The more language you learn, the better off you'll be in terms of being able to freely walk around on your own, visit X place on a whim and generally learn more about the place where you're living. Korea has a lot of English speakers, but you're better off learning to not rely on this if you're stayign for the long term. This kind of limits the kinds of people you're going to meet to a circle of people who've already invested in meeting foreign people. Try to make a group of friends that are strictly from the country where you're staying. These are the guys that will take you places that are less 'touristy'.

                  Its easy to get stuck in a daily routine/work pattern, which can help you get used to living in a new country, but don't let this make all of the choices for you. I suggest taking your time off as you choose when a chance to comes up. This'll give you a chance to get some interesting experiences worth talking about. I've never worked in Korea, but a lot of the 'find an English speaker' companies try to treat you like a disposable resource at the expense of labor law. You should act accordingly and have a general understanding of the rules you'll be working under. At least you should find out who to ask about these kind of questions. Be careful what you sign, contract-wise.

                  One good thing, opposed to Japan, is that Korea allowed easy transfers of money between foreign banks, which is a quite handy thing to be able to do. Expect some differences in how money is handled than in your country and possibly some limitations on what you can/can't do. In Japan, I had problems with signing contracts for housing without cosigners and getting credit cards. These might be different in Korea though.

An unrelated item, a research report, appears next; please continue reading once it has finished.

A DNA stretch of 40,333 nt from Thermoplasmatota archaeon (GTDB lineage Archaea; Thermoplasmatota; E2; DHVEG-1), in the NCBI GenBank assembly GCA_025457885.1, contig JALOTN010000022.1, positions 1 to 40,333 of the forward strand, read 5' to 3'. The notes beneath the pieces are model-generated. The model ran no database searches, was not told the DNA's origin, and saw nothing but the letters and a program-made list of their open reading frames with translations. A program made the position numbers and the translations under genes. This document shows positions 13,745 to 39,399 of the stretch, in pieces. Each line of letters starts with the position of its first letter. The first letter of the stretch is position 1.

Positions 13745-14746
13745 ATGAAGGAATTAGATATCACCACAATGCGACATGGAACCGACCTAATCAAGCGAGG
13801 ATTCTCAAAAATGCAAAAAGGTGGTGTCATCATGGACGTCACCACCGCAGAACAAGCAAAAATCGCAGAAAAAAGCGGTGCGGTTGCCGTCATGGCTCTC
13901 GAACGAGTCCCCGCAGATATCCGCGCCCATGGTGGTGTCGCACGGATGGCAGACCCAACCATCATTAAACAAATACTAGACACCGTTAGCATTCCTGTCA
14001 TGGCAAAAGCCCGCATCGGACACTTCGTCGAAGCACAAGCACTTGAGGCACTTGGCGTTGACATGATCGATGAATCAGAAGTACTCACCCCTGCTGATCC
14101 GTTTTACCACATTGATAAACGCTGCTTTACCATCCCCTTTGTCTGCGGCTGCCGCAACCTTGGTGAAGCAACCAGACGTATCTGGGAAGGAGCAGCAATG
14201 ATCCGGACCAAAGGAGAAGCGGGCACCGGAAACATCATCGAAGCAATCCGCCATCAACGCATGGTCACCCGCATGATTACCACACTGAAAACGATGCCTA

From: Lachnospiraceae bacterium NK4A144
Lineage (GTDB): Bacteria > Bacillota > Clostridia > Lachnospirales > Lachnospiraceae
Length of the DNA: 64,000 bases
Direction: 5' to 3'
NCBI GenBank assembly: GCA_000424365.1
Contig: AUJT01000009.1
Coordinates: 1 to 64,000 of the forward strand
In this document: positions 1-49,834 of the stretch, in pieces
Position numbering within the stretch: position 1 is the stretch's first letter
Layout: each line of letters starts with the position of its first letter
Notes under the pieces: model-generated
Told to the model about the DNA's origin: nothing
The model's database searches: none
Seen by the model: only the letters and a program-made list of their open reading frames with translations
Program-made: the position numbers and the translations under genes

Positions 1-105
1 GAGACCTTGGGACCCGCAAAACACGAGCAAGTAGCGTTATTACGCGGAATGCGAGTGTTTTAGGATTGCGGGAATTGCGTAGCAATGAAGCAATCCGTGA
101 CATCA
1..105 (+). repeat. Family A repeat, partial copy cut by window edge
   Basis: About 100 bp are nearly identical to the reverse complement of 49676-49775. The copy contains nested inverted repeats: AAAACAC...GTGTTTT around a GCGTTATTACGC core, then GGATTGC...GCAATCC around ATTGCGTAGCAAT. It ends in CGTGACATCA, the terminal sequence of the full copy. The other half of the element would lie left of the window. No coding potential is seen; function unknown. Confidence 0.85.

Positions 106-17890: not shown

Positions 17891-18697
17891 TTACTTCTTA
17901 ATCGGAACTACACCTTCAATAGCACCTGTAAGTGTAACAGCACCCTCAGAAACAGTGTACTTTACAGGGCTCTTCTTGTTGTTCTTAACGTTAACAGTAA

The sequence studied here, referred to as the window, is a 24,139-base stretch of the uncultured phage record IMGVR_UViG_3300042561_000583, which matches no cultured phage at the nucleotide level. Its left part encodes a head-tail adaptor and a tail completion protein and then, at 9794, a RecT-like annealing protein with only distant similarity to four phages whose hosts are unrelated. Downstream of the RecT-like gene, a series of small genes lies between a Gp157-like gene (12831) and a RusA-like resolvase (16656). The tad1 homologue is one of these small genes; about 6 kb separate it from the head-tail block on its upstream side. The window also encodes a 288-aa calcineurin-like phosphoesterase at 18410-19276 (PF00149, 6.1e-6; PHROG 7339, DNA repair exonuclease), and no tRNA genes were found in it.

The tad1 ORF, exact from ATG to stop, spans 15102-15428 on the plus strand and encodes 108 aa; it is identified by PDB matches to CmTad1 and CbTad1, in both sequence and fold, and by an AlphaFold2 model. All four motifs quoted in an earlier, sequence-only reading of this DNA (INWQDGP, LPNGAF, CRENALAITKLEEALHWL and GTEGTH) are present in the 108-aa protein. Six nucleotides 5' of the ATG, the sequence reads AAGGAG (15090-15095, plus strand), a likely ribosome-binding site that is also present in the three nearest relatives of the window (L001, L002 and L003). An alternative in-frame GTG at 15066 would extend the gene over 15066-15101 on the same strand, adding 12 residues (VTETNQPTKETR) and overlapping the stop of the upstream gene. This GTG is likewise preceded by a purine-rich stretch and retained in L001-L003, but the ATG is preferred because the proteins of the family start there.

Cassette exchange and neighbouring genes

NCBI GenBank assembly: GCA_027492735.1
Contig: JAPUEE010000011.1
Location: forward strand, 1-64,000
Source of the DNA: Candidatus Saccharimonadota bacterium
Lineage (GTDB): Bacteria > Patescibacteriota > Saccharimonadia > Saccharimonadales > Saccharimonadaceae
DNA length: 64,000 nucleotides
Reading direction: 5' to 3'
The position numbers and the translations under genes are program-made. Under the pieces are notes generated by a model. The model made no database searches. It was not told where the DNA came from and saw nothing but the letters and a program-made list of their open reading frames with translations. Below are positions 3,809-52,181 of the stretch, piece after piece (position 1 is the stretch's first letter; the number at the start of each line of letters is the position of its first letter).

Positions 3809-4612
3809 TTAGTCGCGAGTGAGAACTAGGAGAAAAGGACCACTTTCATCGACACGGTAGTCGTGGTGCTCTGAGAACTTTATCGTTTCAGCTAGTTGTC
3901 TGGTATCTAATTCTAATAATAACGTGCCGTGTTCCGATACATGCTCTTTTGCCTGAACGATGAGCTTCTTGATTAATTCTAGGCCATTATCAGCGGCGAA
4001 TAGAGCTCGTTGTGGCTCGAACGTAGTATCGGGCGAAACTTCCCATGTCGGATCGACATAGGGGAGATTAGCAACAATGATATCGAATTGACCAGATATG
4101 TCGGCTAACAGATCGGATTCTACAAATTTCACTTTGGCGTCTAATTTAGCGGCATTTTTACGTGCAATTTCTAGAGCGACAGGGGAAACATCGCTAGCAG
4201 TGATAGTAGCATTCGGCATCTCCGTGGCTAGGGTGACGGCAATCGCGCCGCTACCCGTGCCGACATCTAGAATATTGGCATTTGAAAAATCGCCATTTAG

Only take the stuff you know you can't be replaced with something from over there. For me this was roll on deoderant/antiperspirant. (Japan uses spray on) Things like that will make you more comfortable and save you money and effort. Also, figure out how to ship stuff home cheaply and how the local postal system works for things like that. If the time comes to move back or send presents etc. this is good to do in advance rather than last minute.
                  http://woodwardswhiskey.wordpress.com/

                  He was punching him like the collective karmic debt he'd accrued was coming to collections, mostly on his face.

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                    #10
                    XXXXX
                    Last edited by jubei33; 5/26/2012 5:20pm, . Reason: double post
                    http://woodwardswhiskey.wordpress.com/

                    He was punching him like the collective karmic debt he'd accrued was coming to collections, mostly on his face.

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                      #11
                      pat the shorter ones on the head for good luck

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                        #12
                        Thanks chaps. Probably half I what I wanted was a cuddle and an "It'll be okay" so you've done well.
                        Originally posted by Judoka_UK
                        Judo is the PC to Sambo's Mac.

                        Comment


                          #13
                          당신의 고환을 보호합니다.체육관에서는 높은 맞이할 것입니다.str33t에서 모두 아일랜드어 어퍼컷입니다.
                          sigpic

                          Comment


                            #14
                            Originally posted by bobyclumsyninja View Post
                            당신의 고환을 보호합니다.체육관에서는 높은 맞이할 것입니다.str33t에서 모두 아일랜드어 어퍼컷입니다.
                            Word.



                            (?)


                            See, I can decode that, but I don't know what the hell it means.
                            Originally posted by Judoka_UK
                            Judo is the PC to Sambo's Mac.

                            Comment


                              #15
                              join the community. Volunteer work helps.
                              Whitsunday Martial Arts Airlie Beach North Queensland.
                              http://www.facebook.com/#!/WhitsundayMartialArts